So there I was, roysh, enjoying college life, college birds and, like, a major amount of socialising. Then, roysh, the old pair decide to mess everything up for me. And we're talking totally here.
Don't ask me what they were thinking. I hadn't, like, changed or treated them any differently, but the next thing I know, roysh, I'm out on the streets. Another focking day in paradise for me!
If it hadn't been for Oisinn's apartment in Killiney, the old man paying for my Golf GTI, JP's old man's job offer and all the goys wanting to buy me drink, it would have been, like, a complete mare. Totally. But naturally, roysh, you can never be sure what life plans to do to you next. At least, it came as a complete focking surprise to me …
The life and times of Ross O'Carroll-Kelly, the cult hero with a weekly column in The Sunday Tribune.
Paul Howard helps Ross O'Carroll-Kelly to write his autobiographical series, now consisting of four titles, largely because Ross can't really write, roysh? Find out more at http://www.obrien.ie/ross
He is also the author of the bestselling prison expose, The Joy, and co-author of Celtic Warrior, the autobiography of boxer Steve Collins.
A former Sports Journalist of the Year, Paul covered the World Cup in Japan and Korea in 2002, and the rugby World Cup in Australia in 2003, for the newspaper. His account of the Irish soccer squad, The Gaffers, Mick McCarthy, Roy Keane and the Team they Built, was a bestseller in autumn 2002.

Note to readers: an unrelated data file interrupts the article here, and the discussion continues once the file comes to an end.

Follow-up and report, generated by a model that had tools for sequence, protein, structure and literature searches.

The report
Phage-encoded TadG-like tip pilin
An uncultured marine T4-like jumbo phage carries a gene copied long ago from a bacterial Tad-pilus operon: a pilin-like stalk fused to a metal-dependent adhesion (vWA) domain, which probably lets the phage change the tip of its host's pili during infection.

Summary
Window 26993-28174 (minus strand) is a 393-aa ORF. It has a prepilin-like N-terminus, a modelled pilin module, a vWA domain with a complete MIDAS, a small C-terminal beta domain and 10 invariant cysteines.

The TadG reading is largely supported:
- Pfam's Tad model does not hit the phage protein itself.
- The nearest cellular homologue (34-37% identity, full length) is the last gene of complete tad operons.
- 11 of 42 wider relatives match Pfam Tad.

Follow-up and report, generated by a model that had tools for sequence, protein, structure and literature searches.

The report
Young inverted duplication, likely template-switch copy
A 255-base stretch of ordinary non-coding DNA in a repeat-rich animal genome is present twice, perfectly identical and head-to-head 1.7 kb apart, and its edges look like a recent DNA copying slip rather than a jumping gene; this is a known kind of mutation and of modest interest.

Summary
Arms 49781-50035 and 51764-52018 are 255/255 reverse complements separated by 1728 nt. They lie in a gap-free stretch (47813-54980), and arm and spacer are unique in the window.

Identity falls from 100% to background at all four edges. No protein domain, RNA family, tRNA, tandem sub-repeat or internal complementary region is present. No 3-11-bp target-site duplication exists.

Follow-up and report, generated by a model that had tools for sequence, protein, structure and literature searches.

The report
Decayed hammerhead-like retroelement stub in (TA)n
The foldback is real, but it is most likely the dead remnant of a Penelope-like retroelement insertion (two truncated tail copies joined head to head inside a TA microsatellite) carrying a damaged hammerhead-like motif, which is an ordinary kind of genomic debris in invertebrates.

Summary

Just about the most hilarious character to grace the pages of an Irish novel for as many years as I can remember. It's a long time since I laufghed so heartily at a book as at this Holden-Caulfield-meets-Sebastian-Dangerfield hybrid ... If I'm ageist I'll say it will primarily appeal to the twenty-something brigade, but I'm fifty and I adored it.
It provides fascinating insights into the mind of O'Carroll-Kelly, a quintessential, Heino-drinking, Dublin 4 rugby jock.
The Irish Times
A book that is more than just a parody of dreadful rugby types and their girlfriends. It's as strong as a knowing commentary on the peculiar direction the middle classes in this country have taken since the mid-90s. In this way, Howard (via Ross) has a zeitgeisty insight into first world problems that have long been troubling this unashamedly middle class reviewer, viz property prices, cappuccino culture, and the Americanisation of the young Irish person. Each one is picked off with the precision of a trained sniper. ... One of the funniest books (and I do not say this lightly) that has crossed my path in a long, long time.
The Sunday Tribune
This is quite simply one of the most hilarious books you're ever likely to read.
represents a regrettable art of Irish culture (the Heino drinking, D4, rugby-playing sect) in all its idiotic, materialistic ignominy. A focking laugh, roysh.